definitions and ideas
Pink is a pale red color, which takes its name from the flower of the same name. According to surveys in Europe and the United States, pink is positively associated with love, beauty, charm, politeness, sensitivity, tenderness, sweetness, childhood, femininity, and the romantic (“Pink”).
[Marilyn] Monroe conforms to, and is part of the construction of, what constitutes desirability in women […] for the most desirable woman is a white woman. The typical playmate is white, and most often blonde […] to be ideal Monroe had to be white, and not only white but blonde, the most unambiguously white you can get (Dyer, “Heavenly” 42-3).
…white is associated with triumph, light, innocence […] purity, […] chastity, […] modesty, femininity, and delicacy (Dyer, “White” 73).
Blondness is identified with ‘heavenly effulgence…It appears to reflect solar radiance, the totality of the spectrum, the flooding wholeness of light which Dante finds grows more and more dazzling as he rises in Paradise’ (Dyer, “White” 124)
14% – number of women who have been called a sexually explicit name or had a sexually explicit comment said to or about them. (Kearl 16)
47% – number of women who said they began assessing their surroundings after experiencing street harassment. (Kearl 20)
80% – number of harassed women who experienced street harassment between the ages of 13 and 25 (Kearl 18)
“First, our culture repeatedly tells boys and men that one way to prove their masculinity is by putting someone else down. This is a form of hypermasculinity that relies on exerting power over people who are perceived as less valuable. Harassment is a way to make that happen. Second, so many of our pop culture images things we see and hear in music, TV, videos, movies tell men and boys they have permission to think about women as sexually available. Mainstream pop culture use tropes and old stereotypes about beauty and gender that [teach] us to judge women on the basis of how sexy we think they are. Our culture sends chronic messages to boys and men that they are entitled to access other people’s bodies, invade personal space, and even to violate our most intimate realms with impunity or lack of awareness if that other person is perceived to be less powerful.” (Shira Tarrant qtd. in Kearl 22)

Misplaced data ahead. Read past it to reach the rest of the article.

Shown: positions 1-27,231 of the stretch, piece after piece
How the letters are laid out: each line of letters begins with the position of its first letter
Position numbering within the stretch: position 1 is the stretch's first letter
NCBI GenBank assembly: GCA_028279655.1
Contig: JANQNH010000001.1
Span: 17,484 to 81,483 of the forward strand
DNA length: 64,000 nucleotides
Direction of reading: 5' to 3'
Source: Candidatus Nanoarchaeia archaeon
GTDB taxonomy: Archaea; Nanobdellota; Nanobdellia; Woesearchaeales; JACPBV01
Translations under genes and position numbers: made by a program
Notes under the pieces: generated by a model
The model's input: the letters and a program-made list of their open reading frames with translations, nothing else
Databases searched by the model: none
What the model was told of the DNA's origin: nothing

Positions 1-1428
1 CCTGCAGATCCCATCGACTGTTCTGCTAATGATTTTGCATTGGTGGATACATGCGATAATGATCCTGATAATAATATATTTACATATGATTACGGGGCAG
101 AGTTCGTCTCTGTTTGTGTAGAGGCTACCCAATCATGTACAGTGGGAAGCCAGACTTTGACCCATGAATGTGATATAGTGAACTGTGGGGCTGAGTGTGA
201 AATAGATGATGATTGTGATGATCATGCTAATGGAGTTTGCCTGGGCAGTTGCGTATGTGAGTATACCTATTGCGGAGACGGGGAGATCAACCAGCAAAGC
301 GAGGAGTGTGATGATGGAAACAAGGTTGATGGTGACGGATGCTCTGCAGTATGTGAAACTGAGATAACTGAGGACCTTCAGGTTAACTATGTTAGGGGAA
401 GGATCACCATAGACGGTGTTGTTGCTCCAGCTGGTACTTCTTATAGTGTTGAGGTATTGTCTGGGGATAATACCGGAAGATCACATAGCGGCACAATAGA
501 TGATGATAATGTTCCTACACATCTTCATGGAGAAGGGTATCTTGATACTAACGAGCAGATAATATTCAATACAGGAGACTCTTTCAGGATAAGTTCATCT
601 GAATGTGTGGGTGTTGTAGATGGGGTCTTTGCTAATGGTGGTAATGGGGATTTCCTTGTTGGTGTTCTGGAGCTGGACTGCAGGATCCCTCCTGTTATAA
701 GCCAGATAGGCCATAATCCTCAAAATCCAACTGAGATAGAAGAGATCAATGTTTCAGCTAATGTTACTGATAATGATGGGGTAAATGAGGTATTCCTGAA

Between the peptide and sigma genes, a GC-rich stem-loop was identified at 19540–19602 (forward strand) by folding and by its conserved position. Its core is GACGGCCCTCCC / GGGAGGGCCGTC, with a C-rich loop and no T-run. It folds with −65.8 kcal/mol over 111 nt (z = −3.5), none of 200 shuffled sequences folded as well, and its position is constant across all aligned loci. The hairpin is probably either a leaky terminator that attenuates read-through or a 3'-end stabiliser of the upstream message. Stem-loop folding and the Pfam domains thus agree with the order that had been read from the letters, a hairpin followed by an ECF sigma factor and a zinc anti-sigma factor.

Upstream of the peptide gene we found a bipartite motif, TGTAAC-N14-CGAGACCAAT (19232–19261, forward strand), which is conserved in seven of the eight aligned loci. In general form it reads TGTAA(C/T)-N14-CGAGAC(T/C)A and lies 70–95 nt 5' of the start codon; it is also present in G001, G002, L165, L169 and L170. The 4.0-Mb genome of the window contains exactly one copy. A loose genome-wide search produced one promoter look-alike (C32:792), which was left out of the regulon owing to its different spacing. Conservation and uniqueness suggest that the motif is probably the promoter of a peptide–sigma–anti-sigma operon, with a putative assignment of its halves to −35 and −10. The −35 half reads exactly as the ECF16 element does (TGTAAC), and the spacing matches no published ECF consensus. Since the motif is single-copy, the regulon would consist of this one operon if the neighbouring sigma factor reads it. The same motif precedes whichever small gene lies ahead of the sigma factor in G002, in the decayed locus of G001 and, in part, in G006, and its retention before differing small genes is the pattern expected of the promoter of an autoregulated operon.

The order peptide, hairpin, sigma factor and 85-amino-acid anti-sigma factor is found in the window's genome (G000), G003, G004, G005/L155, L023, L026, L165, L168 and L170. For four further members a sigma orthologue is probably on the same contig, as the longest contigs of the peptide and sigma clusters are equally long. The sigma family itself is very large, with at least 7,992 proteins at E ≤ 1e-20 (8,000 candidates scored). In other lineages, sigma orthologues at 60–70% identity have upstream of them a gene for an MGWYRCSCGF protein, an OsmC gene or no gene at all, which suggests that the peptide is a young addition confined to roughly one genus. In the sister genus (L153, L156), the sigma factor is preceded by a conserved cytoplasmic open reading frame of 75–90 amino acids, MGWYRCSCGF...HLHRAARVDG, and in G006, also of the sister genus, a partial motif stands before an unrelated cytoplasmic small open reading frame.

Definition of Autoethnography
A form of self-reflection and writing that explores the researcher’s personal experiences and connects this autobiographical story to a wider cultural-political-and social meanings and understandings (“Autoethnography”).
“Autoethnography.” Definition of autoethnography. Collins, n.d. Web. 23 Apr. 2015.
Dyer, Richard. Heavenly Bodies: Film Stars and Society. New York: St. Martin’s, 1986. Print.
Dyer, Richard. White. London: Routledge, 1997. Print.
Kearl, Holly. “National Street Harassment Report – Stop Street Harassment.” Stop Street Harassment. Stop Street Harassment, 3 June 2014. Web. 22 Apr. 2015.
“Pink.” Wikipedia. Wikimedia Foundation, n.d. Web. 22 Apr. 2015.
Cut from Vogue magazines.
This work/project invites the public to also draw. Materials and instructions provided reflect the same process used for another work Suggestions (a.k.a. How To Be), pictured on the wall behind the public table.
Details of Complicity after 5 weeks in the gallery.